There’s virtually no doubt that Jerry Brown will win re-election to a record fourth term as governor on Nov. 4.
He’s so confident that he’s spending little of his campaign treasury and ignoring Republican challenger Neel Kashkari.
Saying Brown is near-certain to win is not the same as saying he should.
The latter hinges on whether he’s content with half-measures or if he truly intends to revive effective governance, as he promised.
It appears that Brown has a personal checklist he believes will earn him a better place in the history books than did his first eight-year stint that began with his election 40 years ago.
Brown 1.0 was an ambitious young politician in a hurry, running for president twice and the Senate once and displaying only occasional interest in governing.
Whatever other motives he may have had for seeking the governorship again, building a better legacy was certainly one.
Brown 2.0 has been much more engaged in governance, but his record to date contains unproven and/or partial solutions to problems they purport to address.
Will, for example, diverting more state aid into school districts with large numbers of poor and/or English-learner students actually improve their academic accomplishments?
It’s an untested theory that could be nothing more than a feel-good gesture – checking “education reform” off Brown’s list without having a concrete impact, particularly if extra money is not tightly focused on the kids it’s supposed to help.
That’s also true of Brown’s moves on public employee pensions, workers’ compensation, water management and prison overcrowding.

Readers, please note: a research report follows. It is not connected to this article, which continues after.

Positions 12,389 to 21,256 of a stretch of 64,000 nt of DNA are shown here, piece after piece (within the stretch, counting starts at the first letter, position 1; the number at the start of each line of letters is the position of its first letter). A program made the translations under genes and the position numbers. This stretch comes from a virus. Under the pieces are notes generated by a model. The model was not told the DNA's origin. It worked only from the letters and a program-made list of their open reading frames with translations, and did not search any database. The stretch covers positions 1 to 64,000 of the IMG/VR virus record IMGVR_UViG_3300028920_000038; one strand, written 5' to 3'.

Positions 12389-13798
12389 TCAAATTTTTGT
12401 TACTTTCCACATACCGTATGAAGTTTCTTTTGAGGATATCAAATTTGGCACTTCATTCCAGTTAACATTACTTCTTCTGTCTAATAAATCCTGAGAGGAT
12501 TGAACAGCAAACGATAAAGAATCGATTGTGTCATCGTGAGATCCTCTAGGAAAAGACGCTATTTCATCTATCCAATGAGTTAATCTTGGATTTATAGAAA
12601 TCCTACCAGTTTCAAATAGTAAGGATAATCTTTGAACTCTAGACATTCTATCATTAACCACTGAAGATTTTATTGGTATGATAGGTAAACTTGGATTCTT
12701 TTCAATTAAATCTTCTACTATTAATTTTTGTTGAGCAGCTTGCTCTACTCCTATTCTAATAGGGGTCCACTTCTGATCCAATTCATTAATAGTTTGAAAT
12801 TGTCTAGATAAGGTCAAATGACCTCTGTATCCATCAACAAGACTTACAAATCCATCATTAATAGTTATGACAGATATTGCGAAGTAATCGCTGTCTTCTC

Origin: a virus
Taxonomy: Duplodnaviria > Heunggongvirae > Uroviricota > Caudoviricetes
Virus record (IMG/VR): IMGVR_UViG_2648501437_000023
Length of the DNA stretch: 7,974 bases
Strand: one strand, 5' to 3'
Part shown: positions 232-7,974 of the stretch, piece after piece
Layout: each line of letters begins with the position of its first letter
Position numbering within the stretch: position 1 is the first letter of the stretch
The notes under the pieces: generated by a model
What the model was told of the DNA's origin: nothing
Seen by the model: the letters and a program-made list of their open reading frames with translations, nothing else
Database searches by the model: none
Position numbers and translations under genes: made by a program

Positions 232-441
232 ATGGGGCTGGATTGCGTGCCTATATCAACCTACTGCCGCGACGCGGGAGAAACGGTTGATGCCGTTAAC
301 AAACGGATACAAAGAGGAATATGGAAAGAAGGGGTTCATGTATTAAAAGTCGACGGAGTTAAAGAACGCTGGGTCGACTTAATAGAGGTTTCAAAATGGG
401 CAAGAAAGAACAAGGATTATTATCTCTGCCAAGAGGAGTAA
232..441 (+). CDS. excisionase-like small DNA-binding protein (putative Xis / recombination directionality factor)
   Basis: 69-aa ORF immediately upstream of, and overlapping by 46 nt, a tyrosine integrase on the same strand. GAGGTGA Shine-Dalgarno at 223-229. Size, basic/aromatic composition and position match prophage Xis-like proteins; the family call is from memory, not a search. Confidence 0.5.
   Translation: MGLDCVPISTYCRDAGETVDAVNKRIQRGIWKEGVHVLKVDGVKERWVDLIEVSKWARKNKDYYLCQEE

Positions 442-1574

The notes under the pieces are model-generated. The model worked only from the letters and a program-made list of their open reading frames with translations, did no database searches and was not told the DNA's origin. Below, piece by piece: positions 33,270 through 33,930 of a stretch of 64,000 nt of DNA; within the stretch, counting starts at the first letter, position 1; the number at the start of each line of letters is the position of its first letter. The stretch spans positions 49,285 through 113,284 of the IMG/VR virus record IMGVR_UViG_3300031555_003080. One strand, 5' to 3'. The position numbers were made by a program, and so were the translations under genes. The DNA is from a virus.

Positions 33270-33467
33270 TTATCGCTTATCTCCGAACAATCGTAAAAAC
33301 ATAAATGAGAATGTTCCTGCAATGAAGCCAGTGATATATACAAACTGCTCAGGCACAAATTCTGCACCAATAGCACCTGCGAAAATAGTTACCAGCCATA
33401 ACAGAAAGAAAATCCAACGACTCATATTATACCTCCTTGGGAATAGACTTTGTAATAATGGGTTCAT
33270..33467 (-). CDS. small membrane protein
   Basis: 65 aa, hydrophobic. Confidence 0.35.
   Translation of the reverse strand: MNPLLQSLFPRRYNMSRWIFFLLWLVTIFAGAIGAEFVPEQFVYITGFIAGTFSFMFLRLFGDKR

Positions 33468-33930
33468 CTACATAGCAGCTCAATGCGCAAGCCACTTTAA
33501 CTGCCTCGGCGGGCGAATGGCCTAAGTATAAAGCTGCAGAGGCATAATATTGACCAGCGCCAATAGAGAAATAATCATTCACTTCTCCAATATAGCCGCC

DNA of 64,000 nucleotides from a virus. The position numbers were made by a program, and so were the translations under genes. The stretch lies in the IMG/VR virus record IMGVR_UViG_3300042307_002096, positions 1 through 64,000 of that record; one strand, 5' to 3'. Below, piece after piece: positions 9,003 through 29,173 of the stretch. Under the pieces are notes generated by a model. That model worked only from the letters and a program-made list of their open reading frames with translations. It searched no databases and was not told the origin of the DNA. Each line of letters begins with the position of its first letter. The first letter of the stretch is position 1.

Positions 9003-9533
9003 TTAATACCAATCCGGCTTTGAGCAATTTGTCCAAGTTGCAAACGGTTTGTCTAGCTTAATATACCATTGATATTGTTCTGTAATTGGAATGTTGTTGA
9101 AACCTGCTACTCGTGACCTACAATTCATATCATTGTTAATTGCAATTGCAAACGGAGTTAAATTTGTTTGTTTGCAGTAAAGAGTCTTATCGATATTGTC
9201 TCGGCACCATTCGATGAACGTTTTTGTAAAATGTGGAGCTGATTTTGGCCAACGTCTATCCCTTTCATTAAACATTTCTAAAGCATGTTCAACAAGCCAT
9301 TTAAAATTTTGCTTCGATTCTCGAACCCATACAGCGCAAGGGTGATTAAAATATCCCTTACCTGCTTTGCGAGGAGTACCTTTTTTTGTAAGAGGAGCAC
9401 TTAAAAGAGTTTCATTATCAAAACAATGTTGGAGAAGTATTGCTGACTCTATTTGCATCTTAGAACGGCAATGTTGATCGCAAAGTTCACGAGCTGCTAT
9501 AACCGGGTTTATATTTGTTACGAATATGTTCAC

All are, essentially, works in progress with cloudy outcomes, as are his pet bullet train and water tunnel projects.
Then there’s the state budget that Brown, seeking the governorship in 2010 after a 28-year absence, pledged to balance.
Yes, the budget is currently balanced – if one ignores some pesky debts such as retiree health care – due largely to an improved economy and a voter-approved tax increase. Brown has been tighter with a buck than his fellow Democrats would like, but even so, general fund spending is up 25 percent since 2011.
Meanwhile, the tax hike is temporary, another recession could strike as the global economy slows, and Brown’s Proposition 2 is a tepid response to chronic fiscal volatility.
Then there are issues that Brown has skipped, such as a deteriorating highway system and the nation’s highest poverty rate.
He’s talked about fostering job creation, but enacted only questionable and costly subsidies for movie and aerospace industries.
If Brown intends to spend political capital on difficult, long-festering governance issues, he deserves four more years. If he intends, however, to merely check a few more items off his bucket list, that’s another story.
Only he knows which path he would travel.
Call The Bee’s Dan Walters, (916) 321-1195. Back columns, www.sacbee.com/walters. Follow him on Twitter @WaltersBee.